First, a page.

Adders-tongue Ointment good for St. Anthony's Fire.--In the month of May gather adders-tongue, that grows in its top-part like an adder's tongue in meadows; bruise the herb, and squeeze out as much juice as will answer one pound of unsalted butter; boil both a quarter of an hour, and let stand in a pan to cool; when cold, take away the liquid part, and reserve only the fat part for an ointment for the St. Anthony's fire, or any inflammation in man or beast.--See the receit at large in my Shepherd's sure Guide (at page 111.) sold at the Rose, in Pater-noster-row, London.

  If you can't get adders-tongue, make use of the green leaves of elder in the room of it, and if you add a dram of fine powder'd camphire in its making, it will improve the poultice.--Some say cow dung applied is good to ease the pain of St. Anthony's fire.--I knew a woman my neighbour take two or three spoonfuls of the juice of elder leaves, for the St. Anthony's fire in her face; it is somewhat nauseous in taste, and purging.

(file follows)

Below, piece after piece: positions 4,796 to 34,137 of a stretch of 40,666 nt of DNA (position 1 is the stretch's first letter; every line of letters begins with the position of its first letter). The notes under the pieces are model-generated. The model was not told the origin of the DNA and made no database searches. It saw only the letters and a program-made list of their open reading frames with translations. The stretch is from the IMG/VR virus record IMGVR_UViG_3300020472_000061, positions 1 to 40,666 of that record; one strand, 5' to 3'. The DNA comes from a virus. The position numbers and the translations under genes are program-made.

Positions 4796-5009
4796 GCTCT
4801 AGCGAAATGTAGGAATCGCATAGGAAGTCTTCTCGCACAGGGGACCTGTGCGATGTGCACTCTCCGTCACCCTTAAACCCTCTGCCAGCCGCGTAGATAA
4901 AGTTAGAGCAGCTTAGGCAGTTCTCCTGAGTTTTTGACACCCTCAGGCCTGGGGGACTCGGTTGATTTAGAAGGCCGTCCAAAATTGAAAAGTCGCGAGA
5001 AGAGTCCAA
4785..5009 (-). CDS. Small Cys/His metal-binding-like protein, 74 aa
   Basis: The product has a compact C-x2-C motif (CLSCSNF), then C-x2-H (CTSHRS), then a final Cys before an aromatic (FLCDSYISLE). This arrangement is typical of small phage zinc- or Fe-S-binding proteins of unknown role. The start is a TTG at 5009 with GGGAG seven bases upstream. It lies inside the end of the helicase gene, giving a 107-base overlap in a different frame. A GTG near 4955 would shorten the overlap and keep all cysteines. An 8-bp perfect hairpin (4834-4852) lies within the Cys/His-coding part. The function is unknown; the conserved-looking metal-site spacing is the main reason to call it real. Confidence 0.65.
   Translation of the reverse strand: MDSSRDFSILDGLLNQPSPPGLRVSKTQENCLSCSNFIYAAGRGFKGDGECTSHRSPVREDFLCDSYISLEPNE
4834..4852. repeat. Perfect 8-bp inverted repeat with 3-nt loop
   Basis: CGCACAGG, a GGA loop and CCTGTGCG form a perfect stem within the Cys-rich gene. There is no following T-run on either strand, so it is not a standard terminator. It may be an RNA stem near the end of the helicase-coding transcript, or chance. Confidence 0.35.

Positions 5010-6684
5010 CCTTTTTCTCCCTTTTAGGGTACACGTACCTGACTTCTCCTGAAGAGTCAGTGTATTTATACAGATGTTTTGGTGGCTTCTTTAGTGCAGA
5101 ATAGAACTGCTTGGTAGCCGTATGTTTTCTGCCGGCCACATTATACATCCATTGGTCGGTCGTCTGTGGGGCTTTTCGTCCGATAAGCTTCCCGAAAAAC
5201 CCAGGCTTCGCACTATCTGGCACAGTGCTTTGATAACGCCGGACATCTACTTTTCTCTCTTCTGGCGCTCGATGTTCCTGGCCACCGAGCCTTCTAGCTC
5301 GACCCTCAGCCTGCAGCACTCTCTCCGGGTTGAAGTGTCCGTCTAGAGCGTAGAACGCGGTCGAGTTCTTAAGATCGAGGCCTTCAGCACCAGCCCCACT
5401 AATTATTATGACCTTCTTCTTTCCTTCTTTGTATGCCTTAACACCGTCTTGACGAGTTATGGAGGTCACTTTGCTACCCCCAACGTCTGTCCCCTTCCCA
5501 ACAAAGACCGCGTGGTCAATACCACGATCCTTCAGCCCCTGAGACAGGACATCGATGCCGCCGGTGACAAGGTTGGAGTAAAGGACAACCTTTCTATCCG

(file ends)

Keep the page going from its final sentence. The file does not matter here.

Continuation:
Of the Imperfectness of a Receit.--The imperfectness of a receit has occasioned many mistakes in the composition; to go no farther than that I have just mentioned of making adders-tongue ointment, I have to say, that by only boiling the juice of the herb with butter, and when cold, to put it all together into the pot it is to be kept all the year in, is wrong; because then the juice will separate from the butter, and in this condition breed a rank mouldiness: Therefore, when the herb juice is boiled up with the butter, our housewife puts all into a broad pan, and when cold, the watry part she leaves behind, and just melts down the fat part in the earthen glazed pot it is to be kept all the year in, and then it will keep sound a year or two.

Of the Itch, Leprosy, and Scald-Head.